NCPA - National Center for Policy Analysis

A Report on Corporate Governance and Shareholder Activism

September 21, 2012

Activist shareholders, or owners of equity capital, are more pronounced in their efforts to use their voting power to change corporate behavior. With the economy still lagging and the memory of the Occupy Wall Street movement fresh in the national consciousness, investors are using their influence to rein in executive pay and a corporation's political participation to promote responsible practices, say James R. Copland, Yevgeniy Feyman and Margaret O'Keefe of the Manhattan Institute.

A report by the Manhattan Institute's Proxy Monitor assesses the corporate proxy season -- the time of the year when shareholders vote on corporate business at the companies' annual meeting. It finds:

  • A small group of shareholders continue to sponsor a majority of the proposals: 36 percent of the proposals were sponsored by the labor-union pension funds, 31 percent by three individual investors, and 22 percent by "socially responsible" investing purposes.
  • Only 1 percent of the proposals were sponsored by unaffiliated institutional investors.
  • Furthermore, there were increased proposals to limit a corporation's political spending.
  • Additionally, labor-union pension funds' sponsorship was unrelated to shareholder return and instead concentrated on union-organizing activities and other labor objectives.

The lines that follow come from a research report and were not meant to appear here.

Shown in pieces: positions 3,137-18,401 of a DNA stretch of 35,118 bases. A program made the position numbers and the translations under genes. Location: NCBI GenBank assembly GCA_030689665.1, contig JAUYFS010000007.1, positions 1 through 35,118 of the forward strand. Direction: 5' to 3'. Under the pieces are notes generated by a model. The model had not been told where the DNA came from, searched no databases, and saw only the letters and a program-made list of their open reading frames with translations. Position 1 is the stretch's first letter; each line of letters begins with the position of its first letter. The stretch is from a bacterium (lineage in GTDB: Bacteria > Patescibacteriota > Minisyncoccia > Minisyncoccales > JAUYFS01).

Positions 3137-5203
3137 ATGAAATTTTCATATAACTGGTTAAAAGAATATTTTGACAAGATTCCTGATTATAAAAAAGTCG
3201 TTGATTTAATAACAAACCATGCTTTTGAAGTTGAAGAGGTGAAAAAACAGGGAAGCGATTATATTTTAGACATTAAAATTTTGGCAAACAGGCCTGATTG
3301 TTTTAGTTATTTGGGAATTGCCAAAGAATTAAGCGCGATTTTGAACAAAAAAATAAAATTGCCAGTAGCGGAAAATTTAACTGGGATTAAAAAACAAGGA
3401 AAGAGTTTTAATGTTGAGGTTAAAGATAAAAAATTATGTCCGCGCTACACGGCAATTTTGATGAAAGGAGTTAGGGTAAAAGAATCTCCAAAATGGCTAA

• Moreover, the number of shareholder proposals receiving majority support fell in 2012, as only 6 percent of the proposals had majority backing.
  • Finally, the recommendations of the proxy advisory firm Institutional Shareholder Services have a dominating 61 percent share in the market, and thus increase voting support for a proposal by 15 percent.

The report shows that shareholder-proposals do little to influence corporate behavior in a manner that improves share value. This is primarily because a small number of investors take action that influences corporate behavior only in a manner that benefits them, not the average diversified investor.

Source: James R. Copland, Yevgeniy Feyman and Margaret O'Keefe, "A Report on Corporate Governance and Shareholder Activism," Manhattan Institute, September 2012.


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